In representation theory one is interested in groups and so one studies representations of them, representations lead naturally to modules, and modules lead to more general rings. So in that setting modules come first and rings second, which is opposite of the development you've suggested. Another surprising reversal: characters were defined and studied by Frobenius [Uber Gruppencharaktere, 1896] a full year before he defined representations [Uber die Darstellung der endlichen Gruppen durch lineare Substitutionen, 1897]; which is surprising because most current mathematicians don't even know how to define a character of a non-abelian group without using representations in the definition.
This should suggest to you that trying to discern historical motivations from the current utility of the theorems/objects is fraught with problems and that the modern path to introduce mathematical objects often bears no resemblance to the historical path taken to their discovery/definition.
As for what the actual historical development was I'm no expert. The modern axiomatic notion of a ring and its ideals was formalized by Emmy Noether [Idealtheorie in Ringbereichen, 1921] but those concepts had certainly existed previous to that paper, albeit informally. Noether is also responsible for introducing the notion of a module [Hyperkomplexe Grossen und Darstellungstheorie, 1929]. I don't know if this concept predates her or not, but I believe her interest in it was as a method of studying representations of an algebra, not as a method of embedding the algebra into a nicer space of objects.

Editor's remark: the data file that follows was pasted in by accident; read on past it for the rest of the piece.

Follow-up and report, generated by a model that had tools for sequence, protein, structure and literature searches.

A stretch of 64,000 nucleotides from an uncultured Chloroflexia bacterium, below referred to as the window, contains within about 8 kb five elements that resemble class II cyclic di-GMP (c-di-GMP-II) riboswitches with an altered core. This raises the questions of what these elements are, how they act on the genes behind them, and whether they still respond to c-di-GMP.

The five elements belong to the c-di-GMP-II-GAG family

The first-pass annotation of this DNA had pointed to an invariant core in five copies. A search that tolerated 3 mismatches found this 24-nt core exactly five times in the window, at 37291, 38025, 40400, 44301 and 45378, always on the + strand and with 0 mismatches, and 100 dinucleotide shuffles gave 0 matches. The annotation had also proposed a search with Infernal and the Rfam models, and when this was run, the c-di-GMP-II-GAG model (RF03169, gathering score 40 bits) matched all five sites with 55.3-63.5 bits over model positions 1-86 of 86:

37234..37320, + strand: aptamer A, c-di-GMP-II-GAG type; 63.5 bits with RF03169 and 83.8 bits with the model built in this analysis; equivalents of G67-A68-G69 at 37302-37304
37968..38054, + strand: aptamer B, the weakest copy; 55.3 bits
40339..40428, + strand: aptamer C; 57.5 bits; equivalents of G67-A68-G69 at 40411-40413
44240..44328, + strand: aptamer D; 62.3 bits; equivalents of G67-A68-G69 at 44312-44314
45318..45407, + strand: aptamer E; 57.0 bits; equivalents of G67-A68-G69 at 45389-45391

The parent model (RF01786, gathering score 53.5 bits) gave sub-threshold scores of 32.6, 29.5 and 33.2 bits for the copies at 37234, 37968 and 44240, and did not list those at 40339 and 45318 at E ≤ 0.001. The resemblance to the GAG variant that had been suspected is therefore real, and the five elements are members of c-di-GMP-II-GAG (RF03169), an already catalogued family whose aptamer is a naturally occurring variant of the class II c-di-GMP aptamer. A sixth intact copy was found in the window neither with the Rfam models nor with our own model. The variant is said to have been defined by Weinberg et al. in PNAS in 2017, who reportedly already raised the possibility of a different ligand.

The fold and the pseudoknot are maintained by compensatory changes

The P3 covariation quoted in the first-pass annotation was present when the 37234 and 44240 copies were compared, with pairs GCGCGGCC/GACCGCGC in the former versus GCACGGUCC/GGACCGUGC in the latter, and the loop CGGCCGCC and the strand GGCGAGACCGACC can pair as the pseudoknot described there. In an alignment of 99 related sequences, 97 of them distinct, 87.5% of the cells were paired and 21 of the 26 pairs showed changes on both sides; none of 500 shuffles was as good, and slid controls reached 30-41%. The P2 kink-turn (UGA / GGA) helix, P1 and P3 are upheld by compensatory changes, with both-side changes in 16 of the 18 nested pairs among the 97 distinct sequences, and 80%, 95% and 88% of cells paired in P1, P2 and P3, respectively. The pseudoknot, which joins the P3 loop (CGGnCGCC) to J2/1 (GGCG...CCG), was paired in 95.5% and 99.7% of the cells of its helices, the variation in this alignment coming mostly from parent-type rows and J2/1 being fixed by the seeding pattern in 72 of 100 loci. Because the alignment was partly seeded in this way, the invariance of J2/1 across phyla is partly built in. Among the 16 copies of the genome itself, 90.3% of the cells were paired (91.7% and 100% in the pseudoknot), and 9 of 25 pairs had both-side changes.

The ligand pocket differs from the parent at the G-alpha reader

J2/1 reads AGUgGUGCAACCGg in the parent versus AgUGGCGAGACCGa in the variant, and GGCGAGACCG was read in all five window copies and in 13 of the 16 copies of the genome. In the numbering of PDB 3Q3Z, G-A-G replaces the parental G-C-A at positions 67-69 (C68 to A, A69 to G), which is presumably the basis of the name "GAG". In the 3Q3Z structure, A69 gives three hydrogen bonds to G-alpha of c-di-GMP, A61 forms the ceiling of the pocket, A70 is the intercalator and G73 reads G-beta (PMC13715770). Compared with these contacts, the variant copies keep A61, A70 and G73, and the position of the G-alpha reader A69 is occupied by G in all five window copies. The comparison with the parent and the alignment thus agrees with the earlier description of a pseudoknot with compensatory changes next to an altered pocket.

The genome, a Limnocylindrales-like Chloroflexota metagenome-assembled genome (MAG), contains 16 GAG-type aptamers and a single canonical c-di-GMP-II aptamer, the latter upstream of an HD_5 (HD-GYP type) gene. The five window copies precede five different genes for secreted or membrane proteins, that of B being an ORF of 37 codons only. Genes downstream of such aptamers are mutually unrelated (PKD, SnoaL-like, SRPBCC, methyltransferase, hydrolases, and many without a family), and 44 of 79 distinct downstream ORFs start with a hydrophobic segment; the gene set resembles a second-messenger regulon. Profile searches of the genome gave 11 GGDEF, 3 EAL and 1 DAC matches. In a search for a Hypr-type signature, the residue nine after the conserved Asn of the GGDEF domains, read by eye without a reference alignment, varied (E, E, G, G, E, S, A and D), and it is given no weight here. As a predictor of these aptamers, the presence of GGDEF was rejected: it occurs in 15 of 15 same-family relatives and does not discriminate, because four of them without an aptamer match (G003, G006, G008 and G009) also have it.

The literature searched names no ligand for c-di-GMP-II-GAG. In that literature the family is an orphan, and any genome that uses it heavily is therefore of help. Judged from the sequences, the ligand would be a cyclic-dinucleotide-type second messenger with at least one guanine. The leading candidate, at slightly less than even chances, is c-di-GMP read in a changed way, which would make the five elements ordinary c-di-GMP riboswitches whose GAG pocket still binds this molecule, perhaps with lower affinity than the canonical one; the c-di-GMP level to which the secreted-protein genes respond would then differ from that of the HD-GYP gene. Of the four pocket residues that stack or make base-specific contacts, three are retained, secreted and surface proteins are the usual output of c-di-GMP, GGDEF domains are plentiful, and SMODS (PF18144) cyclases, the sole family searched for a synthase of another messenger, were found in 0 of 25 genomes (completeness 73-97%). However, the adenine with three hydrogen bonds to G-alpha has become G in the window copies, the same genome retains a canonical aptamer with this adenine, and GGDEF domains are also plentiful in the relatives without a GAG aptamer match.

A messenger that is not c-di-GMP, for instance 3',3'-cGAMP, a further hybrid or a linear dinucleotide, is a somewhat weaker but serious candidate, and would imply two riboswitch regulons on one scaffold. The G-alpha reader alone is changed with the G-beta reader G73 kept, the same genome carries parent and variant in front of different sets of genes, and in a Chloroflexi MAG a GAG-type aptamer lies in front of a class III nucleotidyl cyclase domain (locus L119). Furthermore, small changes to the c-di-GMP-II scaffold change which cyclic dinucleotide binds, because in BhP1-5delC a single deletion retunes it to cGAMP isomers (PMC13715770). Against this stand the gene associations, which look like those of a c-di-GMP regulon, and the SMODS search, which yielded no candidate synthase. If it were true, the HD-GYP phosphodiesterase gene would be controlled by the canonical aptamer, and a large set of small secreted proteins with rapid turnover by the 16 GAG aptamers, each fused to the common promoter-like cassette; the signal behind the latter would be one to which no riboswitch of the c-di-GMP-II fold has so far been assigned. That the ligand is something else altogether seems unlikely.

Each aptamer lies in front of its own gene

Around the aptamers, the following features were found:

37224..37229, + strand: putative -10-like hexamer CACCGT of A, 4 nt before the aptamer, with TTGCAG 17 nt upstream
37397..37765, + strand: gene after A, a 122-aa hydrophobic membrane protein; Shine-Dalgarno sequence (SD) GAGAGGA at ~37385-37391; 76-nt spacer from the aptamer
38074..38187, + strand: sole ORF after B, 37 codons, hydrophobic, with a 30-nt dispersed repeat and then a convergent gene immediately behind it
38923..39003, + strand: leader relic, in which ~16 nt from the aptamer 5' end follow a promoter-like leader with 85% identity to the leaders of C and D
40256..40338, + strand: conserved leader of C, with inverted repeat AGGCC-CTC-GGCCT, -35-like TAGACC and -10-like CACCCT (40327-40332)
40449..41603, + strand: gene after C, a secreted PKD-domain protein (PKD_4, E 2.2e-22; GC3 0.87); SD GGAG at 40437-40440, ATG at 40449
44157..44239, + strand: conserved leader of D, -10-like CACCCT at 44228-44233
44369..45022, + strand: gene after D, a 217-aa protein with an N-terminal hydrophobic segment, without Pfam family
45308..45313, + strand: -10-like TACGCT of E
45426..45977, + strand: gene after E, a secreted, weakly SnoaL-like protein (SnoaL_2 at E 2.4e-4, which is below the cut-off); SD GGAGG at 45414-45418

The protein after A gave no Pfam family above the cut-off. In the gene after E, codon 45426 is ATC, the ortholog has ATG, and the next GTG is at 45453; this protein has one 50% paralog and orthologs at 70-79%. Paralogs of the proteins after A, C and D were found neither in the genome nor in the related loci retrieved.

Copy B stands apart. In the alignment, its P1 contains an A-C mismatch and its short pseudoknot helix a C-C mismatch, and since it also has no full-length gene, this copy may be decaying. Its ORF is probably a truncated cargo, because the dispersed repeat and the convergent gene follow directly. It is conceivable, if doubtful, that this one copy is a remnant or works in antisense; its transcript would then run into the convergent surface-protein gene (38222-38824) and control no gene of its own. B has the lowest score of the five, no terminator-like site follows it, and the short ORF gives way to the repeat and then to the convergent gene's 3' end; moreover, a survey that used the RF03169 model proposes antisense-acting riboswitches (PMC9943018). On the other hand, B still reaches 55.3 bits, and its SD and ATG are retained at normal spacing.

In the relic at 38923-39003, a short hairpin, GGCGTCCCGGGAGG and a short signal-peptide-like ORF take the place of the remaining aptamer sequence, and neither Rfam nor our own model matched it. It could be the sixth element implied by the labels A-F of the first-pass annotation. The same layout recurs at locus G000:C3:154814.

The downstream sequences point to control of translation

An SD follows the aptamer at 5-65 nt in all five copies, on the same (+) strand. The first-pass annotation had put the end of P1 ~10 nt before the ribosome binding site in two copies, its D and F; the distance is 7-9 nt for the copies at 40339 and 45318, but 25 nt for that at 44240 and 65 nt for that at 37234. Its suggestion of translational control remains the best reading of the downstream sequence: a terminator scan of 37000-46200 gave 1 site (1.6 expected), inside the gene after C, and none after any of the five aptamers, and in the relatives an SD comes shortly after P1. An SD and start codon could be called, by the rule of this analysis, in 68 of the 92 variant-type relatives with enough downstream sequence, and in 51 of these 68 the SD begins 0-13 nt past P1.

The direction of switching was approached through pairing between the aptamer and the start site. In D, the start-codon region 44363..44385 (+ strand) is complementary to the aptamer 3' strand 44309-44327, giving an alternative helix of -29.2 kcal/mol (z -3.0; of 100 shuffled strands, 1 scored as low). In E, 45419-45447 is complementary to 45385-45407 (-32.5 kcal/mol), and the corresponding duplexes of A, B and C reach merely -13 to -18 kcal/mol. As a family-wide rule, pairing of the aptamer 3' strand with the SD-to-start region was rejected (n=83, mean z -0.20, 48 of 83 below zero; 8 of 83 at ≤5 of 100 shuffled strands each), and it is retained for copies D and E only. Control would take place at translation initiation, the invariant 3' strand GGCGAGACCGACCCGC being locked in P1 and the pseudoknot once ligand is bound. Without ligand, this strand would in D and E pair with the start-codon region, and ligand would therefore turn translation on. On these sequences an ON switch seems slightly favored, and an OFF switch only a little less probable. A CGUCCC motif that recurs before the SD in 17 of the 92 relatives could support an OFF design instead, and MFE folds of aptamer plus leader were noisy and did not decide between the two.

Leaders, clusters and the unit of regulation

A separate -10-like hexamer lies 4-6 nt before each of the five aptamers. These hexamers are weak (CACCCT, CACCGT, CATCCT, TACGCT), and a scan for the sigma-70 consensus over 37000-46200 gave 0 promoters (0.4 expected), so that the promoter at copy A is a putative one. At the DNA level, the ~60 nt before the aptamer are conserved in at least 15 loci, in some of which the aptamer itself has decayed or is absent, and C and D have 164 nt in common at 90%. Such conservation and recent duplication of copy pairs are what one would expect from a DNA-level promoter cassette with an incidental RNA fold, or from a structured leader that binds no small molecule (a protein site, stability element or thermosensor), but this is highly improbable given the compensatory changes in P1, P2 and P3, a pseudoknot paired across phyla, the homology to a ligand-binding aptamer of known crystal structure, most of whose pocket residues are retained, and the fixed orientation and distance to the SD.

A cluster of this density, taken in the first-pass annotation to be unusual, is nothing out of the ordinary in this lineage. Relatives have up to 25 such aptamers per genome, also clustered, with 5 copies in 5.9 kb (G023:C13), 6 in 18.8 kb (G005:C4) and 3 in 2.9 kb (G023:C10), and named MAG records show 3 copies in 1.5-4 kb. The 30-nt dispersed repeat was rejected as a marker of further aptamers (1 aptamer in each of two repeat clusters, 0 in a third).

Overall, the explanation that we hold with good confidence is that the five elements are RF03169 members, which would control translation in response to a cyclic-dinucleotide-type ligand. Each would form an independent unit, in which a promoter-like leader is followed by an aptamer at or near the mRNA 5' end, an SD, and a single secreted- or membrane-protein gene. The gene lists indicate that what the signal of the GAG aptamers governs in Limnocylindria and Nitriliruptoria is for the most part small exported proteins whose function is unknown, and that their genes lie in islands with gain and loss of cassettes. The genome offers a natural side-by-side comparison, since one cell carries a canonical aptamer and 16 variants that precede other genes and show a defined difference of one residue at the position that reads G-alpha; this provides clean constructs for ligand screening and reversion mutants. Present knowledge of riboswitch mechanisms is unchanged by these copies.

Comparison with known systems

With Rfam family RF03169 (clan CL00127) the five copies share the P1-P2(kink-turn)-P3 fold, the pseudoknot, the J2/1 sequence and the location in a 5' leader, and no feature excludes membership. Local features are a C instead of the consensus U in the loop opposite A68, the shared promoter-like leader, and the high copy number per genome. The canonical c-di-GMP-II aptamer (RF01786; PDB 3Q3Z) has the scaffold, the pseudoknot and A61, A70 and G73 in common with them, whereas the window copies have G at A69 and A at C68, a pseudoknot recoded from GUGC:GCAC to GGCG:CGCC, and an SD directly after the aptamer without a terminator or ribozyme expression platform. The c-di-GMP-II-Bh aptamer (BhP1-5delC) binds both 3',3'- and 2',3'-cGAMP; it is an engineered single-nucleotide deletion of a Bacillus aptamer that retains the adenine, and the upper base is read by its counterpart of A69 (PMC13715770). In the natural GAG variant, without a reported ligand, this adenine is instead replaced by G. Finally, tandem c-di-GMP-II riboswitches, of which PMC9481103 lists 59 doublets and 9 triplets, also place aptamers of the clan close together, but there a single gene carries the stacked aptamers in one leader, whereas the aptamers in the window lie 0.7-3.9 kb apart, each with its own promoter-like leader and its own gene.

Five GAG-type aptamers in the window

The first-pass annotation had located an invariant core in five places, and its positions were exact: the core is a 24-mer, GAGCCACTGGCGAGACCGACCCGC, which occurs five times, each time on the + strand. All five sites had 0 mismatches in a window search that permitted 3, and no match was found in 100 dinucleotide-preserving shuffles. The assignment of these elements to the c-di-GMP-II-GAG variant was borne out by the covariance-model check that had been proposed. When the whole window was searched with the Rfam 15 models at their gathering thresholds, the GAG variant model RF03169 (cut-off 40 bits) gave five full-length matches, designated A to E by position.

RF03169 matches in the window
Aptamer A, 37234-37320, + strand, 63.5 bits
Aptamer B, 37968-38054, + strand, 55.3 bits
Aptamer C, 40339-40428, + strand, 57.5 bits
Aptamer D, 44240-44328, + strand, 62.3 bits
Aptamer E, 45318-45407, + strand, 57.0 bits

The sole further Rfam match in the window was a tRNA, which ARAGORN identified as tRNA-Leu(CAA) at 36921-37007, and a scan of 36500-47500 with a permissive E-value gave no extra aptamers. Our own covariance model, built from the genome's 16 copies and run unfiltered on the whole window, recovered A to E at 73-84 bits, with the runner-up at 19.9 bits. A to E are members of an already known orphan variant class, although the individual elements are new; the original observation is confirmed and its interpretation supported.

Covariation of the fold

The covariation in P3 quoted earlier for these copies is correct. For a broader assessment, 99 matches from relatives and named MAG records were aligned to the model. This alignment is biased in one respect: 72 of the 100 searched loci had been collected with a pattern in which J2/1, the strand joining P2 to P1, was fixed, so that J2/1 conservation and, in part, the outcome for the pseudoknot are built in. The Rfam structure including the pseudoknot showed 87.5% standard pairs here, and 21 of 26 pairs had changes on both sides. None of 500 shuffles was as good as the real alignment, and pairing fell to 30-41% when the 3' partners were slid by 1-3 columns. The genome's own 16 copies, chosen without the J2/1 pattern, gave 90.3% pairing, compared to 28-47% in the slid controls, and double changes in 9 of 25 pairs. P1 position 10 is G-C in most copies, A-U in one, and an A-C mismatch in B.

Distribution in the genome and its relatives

What I can say for sure is that the idea of embedding rings into the category of modules and using the methods of homological algebra were definitely not motivations in the initial development of module theory. Category Theory was first defined by Eilenberg and Mac Lane [General Theory of Natural Equivalences, 1945]. You can trace some of the ideas back to an earlier paper from 1942, but they definitely weren't around in the 20's. Homological algebra was around as early as the 20's, and Noether played a part in it, but the only notion that existed at the time was that of the homology groups of a topological space. So homological algebra was 100% a subset of the study of the topology of spaces. It did not play a role in the study of purely algebraic objects until around the 40's. So neither of those concepts would have been a factor in the first developments of module theory.